All summer long, it seemed as though the New York Knicks were destined to take part in a blockbuster deal that would revamp their rotation heading into the 2022-23 campaign and alter the trajectory of their future for the better.
Sadly, such a move has yet to happen as their main target Donovan Mitchell wound up being dealt to the Cleveland Cavaliers on September 1, but, despite his removal from the trade market, there are still several other routes the franchise could opt to embark on to accomplish their presumed desire for a splashy transaction.
One popular option for the Knicks to consider is to pursue a trade that would ship Julius Randle and the remaining four years, $117 million left on his contract out of New York and, per reports by Fred Katz of The Athletic from earlier this offseason, it’s a concept the ball club has been pondering.
Of course, trading the big man won’t be an easy feat to accomplish after having such a lackluster 2021-22 performance where he finished as the least-efficient number one scoring option in the league but, nevertheless, the folks at “Knicks Film School” seem to believe that there’s one specific Eastern Conference team that could be interested in acquiring him.
On a September 7 episode of the podcast, hosts Jonathan Macri and Andrew Claudio discussed with Richie Randal of the Buzz Beat Podcast the idea of Randle being traded to the Charlotte Hornets considering their rather quiet offseason and their current need for a power forward after opting not to re-sign Miles Bridges.
And while there was pushback on both sides when taking into account his high-end payday and his undesirable attitude, Claudio presented a trade idea that was unanimously agreed upon as having the potential of being mutually beneficial.
The framework of the deal reads as follows:
New York Knicks receive:
- Gordon Hayward
- Terry Rozier
Charlotte Hornets receive:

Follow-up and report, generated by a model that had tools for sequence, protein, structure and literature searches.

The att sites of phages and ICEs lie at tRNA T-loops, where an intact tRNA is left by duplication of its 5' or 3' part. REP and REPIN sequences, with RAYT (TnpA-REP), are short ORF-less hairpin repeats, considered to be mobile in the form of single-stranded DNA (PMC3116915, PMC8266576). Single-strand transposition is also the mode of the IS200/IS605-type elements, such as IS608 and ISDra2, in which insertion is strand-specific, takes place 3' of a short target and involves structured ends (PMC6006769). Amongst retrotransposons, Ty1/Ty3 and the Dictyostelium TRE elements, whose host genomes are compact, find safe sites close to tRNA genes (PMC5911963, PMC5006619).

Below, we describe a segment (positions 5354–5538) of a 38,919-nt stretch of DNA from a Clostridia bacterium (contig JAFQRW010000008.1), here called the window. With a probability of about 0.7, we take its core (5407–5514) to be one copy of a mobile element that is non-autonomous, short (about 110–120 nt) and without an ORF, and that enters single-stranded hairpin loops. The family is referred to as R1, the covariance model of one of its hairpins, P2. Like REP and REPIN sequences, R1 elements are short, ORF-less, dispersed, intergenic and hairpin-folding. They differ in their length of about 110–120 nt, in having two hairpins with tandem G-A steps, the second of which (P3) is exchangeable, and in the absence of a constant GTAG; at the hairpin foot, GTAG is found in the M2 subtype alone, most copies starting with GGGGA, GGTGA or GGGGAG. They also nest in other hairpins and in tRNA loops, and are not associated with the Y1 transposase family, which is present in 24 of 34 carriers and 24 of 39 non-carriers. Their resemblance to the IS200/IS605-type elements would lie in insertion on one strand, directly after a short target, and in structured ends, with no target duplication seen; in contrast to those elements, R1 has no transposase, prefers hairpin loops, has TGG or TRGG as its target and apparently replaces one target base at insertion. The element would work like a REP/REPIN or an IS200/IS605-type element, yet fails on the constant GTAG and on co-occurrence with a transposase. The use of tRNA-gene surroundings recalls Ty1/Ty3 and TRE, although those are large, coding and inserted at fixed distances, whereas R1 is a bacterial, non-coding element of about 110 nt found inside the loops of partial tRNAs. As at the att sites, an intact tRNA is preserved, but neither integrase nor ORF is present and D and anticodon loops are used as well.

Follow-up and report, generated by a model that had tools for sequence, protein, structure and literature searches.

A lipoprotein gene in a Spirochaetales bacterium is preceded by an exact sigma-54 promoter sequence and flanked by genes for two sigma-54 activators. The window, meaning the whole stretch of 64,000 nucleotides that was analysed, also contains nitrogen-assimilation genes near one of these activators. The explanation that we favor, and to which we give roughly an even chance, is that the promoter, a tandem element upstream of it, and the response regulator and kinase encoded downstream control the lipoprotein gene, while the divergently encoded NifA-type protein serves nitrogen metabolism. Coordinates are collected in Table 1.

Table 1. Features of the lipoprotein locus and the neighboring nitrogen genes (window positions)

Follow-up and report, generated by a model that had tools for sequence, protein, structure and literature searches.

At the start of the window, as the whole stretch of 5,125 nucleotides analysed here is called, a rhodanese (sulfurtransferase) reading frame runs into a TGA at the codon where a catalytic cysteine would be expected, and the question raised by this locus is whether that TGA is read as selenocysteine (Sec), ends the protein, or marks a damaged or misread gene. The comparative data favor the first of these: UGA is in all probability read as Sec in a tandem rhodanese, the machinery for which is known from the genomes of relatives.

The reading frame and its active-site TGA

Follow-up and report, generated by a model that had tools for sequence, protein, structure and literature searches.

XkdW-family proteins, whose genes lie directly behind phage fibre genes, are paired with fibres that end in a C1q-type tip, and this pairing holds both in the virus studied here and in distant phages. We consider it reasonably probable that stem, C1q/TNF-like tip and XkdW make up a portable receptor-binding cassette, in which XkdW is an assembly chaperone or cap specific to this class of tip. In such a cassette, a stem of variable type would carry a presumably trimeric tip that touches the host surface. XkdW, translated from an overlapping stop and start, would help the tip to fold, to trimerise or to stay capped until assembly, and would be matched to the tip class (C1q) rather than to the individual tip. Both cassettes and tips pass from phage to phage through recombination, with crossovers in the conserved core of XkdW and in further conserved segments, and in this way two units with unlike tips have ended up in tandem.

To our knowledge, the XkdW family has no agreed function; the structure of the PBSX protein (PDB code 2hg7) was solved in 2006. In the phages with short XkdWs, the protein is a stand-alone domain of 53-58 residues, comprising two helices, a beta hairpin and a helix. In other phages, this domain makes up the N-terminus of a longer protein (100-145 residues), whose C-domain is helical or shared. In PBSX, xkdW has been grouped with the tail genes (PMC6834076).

- Julius Randle
- Evan Fournier
- Derrick Rose
Of course, if this deal were to actually be put on the table between the New York Knicks and Charlotte Hornets, in all likelihood draft capital would also be included in the mix, as Claudio would later insinuate.
Knicks, Hornets Could Benefit
Though initially proposed as a “nuts” concept, the hosts would continue by breaking down exactly why such a transaction could wind up being mutually beneficial for the Knicks and Hornets.
For his stance on why Charlotte should consider it, Claudio focused mainly on the financial aspects of the deal.
“So, you talked about the Knicks’ depth at guard, Richie. Well, you also said that the Hornets need a backup point guard, and we happen to have a guy that finished third in Sixth Man of the Year that Tom Thibodeau obviously swears by in Derrick Rose,” Claudio said.
“There’s your whole offseason. You went from not doing much to now [having] depth to show LaMelo [Ball] ‘hey, we’re committed to this for the next couple of years.’ And then, it’s not even that much long-term money because Rozier and Randle [are] an exact four years for four years.
“Derrick rose is an expiring contract because it’s a team option. And Fournier becomes an expiring contract next summer.”